Doctor Spotlight 2016: John Corman, M.D.

Top Doc in urology, Virginia Mason

By Seattle magazine staff January 20, 2016


This article originally appeared in the February 2016 issue of Seattle Magazine.

What do you like most about the field of urology?
Urology offers the most compelling aspects of medicine. I love working with the patient population that we see in urology. Since the majority of patients I see are battling cancer (or have concerns regarding cancer), I take care of patients who are at their most vulnerable. These are folks who are often in the prime of their lives and are facing issues that impact the quality and quantity of their years to come. I consider it an incredible privilege that these people and their families put their trust in me to allay their fears, impact their lives and to, hopefully, cure their disease. Urology also offers me a unique opportunity to teach, to innovate, to write, to research and to utilize new technology to benefit my patients. Finally, the field of urology allows me to take care of the entire patient, not just the disease.  

Surgical techniques are constantly evolving. What has changed most in urology over the past decade?
There has been an explosion of technology in urology. Minimally invasive techniques have greatly impacted the manner in which we care for patients with urologic malignancies and the speed in which patients recover from surgery. Whether through enhanced laparoscopic techniques, employment of robotic procedures to remove prostate, bladder or kidney cancers, or endoscopic devices to improve outcomes in the management of stone disease or voiding dysfunction, surgical techniques have evolved to the point that many urologic surgeries that once required extended in-patient stays are now performed on an outpatient basis.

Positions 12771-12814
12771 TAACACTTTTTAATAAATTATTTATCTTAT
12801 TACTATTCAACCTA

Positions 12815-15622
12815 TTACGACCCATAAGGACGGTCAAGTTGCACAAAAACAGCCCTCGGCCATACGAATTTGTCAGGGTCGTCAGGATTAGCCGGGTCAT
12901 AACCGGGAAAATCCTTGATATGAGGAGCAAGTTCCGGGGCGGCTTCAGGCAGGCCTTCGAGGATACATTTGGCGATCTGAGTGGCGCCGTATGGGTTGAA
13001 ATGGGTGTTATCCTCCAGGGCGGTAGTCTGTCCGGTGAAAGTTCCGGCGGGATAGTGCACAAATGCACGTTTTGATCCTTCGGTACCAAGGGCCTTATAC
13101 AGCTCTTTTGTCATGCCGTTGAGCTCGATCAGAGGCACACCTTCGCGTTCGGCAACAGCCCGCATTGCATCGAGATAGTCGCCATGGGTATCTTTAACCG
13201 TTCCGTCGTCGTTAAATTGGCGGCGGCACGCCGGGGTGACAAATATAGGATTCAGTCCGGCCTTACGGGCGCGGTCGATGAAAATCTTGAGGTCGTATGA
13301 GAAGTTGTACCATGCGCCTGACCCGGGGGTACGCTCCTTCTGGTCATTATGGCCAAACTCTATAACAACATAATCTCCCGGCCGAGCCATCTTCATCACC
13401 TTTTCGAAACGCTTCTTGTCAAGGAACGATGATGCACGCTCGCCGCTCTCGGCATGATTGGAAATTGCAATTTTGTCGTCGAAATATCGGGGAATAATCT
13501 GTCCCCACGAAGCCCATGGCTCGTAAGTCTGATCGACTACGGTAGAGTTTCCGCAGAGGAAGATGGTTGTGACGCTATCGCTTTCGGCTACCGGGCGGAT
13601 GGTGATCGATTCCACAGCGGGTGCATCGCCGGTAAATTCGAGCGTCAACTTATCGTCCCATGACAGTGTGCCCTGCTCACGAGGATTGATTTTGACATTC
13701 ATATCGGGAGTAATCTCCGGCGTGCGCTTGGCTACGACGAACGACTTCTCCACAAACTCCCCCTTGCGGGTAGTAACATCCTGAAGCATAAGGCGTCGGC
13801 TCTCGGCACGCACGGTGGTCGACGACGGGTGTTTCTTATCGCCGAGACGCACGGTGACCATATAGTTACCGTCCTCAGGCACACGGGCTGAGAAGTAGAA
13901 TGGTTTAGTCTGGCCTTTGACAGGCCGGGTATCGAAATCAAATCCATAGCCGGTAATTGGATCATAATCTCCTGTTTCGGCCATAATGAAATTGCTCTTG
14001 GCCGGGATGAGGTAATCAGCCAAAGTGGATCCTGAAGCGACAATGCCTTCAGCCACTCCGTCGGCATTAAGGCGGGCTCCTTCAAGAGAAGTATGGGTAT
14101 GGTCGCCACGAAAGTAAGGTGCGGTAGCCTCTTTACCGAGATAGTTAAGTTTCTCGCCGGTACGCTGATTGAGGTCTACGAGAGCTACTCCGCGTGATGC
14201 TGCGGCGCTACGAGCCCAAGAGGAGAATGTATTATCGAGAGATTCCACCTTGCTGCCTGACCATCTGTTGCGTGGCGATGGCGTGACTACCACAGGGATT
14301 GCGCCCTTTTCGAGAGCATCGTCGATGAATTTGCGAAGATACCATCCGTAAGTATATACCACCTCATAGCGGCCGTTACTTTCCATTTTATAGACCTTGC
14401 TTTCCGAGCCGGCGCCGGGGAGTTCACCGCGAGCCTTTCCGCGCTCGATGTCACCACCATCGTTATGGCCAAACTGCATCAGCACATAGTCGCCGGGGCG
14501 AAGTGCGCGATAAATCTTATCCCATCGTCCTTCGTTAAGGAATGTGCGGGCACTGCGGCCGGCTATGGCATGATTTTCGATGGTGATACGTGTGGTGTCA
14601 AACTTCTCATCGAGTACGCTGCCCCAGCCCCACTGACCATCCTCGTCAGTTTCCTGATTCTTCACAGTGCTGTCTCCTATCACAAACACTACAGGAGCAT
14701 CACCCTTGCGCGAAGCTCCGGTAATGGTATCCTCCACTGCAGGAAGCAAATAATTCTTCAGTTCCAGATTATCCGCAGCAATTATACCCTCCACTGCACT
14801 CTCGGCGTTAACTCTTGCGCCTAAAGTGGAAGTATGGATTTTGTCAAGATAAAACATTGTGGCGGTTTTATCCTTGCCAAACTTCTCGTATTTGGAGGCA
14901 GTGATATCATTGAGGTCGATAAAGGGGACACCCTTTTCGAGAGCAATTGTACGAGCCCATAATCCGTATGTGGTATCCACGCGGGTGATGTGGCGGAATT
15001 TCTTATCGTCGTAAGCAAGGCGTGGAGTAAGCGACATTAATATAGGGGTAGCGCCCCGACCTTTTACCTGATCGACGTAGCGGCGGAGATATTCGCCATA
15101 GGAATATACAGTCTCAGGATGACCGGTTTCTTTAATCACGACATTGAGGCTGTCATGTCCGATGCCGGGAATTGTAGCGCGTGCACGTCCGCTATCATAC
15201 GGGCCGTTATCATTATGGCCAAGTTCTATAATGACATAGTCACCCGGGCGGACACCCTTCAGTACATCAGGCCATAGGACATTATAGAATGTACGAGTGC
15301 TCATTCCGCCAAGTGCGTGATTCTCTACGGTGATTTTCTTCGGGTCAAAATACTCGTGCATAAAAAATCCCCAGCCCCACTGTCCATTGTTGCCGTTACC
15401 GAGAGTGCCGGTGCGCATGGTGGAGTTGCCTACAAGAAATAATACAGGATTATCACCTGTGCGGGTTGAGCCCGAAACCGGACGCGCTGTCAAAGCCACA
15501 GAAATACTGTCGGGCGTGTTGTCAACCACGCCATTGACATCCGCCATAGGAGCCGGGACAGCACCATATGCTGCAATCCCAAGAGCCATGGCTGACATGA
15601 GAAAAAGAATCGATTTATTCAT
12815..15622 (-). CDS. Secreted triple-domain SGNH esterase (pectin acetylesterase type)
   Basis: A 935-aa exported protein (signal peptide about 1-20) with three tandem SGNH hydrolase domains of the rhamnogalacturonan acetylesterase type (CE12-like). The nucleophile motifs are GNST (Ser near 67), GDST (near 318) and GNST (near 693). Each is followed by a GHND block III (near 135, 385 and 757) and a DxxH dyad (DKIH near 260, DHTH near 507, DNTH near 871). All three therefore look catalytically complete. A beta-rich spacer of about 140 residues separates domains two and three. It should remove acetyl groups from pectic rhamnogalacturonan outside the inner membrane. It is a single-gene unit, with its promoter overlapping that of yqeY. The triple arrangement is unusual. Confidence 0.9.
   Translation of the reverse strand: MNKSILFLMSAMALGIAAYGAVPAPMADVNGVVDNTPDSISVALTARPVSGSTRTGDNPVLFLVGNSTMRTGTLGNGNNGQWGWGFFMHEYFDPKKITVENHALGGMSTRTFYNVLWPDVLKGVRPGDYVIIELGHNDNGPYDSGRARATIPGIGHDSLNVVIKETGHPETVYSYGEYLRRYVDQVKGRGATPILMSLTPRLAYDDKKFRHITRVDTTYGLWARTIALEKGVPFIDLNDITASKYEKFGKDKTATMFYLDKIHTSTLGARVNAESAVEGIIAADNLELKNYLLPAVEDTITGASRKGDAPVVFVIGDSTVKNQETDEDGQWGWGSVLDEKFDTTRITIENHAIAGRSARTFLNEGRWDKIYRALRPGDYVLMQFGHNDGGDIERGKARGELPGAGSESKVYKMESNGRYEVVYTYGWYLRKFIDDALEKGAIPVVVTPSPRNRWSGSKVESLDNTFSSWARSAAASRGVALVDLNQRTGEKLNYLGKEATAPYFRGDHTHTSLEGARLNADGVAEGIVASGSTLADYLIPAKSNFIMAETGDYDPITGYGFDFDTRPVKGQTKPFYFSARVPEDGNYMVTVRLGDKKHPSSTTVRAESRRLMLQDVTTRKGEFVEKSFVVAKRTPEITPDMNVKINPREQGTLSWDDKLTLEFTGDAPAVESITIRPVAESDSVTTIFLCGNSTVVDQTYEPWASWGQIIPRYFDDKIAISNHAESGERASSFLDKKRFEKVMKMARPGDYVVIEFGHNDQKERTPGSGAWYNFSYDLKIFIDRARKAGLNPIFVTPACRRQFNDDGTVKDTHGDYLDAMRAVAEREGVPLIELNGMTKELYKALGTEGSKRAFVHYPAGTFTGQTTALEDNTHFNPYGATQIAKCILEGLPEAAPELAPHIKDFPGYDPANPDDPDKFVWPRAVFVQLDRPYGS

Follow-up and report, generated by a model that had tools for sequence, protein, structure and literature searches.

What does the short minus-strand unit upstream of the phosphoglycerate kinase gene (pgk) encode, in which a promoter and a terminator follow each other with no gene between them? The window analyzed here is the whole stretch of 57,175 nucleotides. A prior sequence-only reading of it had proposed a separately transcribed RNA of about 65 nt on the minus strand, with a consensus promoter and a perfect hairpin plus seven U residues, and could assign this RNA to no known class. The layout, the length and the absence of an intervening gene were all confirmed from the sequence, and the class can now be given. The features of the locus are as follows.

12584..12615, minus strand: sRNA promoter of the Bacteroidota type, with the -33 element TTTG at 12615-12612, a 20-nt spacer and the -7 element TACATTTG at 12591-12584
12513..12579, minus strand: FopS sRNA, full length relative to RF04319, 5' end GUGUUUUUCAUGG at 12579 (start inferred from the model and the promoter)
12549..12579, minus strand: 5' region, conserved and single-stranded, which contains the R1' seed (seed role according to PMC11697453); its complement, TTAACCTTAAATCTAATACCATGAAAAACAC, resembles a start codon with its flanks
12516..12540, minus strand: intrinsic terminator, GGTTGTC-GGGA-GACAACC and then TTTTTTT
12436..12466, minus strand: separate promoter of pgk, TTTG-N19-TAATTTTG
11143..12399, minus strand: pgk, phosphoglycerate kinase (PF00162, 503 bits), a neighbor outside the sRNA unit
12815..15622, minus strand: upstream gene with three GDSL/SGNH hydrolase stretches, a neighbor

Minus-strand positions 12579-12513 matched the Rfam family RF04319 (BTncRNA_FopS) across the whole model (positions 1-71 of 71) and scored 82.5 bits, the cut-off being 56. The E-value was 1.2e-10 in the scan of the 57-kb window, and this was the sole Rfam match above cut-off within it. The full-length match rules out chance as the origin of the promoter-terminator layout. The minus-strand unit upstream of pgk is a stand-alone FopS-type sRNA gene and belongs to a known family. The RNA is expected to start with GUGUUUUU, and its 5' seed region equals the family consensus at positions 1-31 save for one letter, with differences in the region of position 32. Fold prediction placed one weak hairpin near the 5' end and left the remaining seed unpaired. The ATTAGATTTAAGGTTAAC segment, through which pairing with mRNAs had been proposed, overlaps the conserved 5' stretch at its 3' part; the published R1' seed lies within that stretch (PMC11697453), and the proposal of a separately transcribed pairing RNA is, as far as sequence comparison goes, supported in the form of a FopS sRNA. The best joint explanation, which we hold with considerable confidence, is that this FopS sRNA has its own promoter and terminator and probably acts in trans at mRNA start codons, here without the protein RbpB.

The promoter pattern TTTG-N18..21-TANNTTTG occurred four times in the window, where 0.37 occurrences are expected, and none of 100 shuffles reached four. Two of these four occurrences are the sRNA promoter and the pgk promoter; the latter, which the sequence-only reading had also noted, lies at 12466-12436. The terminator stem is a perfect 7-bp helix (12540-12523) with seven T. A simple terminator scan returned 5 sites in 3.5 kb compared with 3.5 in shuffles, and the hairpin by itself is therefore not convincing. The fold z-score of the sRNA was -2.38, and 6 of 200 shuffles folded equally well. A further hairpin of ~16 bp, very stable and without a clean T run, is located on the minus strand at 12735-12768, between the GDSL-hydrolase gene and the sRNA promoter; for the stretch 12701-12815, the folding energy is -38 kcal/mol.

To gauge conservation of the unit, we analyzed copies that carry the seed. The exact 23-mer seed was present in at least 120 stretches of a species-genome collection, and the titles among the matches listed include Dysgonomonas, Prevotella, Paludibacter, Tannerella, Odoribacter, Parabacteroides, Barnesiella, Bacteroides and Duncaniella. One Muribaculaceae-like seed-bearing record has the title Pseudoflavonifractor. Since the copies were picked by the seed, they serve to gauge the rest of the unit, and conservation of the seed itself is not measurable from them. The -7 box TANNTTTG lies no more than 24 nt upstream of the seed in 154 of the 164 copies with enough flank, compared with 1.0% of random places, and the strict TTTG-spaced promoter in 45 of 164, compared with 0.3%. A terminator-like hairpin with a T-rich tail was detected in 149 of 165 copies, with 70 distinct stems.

What is robotic surgery, and is it the wave of the future?

Robotic surgery has become one of several methods we can use to essentially miniaturize a surgeon’s hands. It utilizes computer assistance to facilitate laparoscopic surgery. Surgery is performed through small ports (or openings) that are placed into the patient. Robotic surgery has been used at Virginia Mason since 2003, but was initially developed with the military in mind. Conceptually, a robotic system could be inserted in a patient on a battlefield, and a surgeon could operate the system remotely. What once required large, open incisions can now be accomplished through 7mm openings. In practice, however, the concept of a “remote” physician doesn’t work. The robot system doesn’t make clinical decisions nor does it make procedural judgments. The robotic system is simply a tool that a surgeon uses to enhance outcomes.

What’s one thing that few of your patients know about you?
Few of my patients know that I am an avid woodworker. When I’m away from work and not immersed in my family, you can find me searching for that perfect burl to turn into an interesting bowl, pen or rolling pin. As at work, I love new tools and technology. I find, however, that I’m outgrowing my home shop, which is bursting at the seams.


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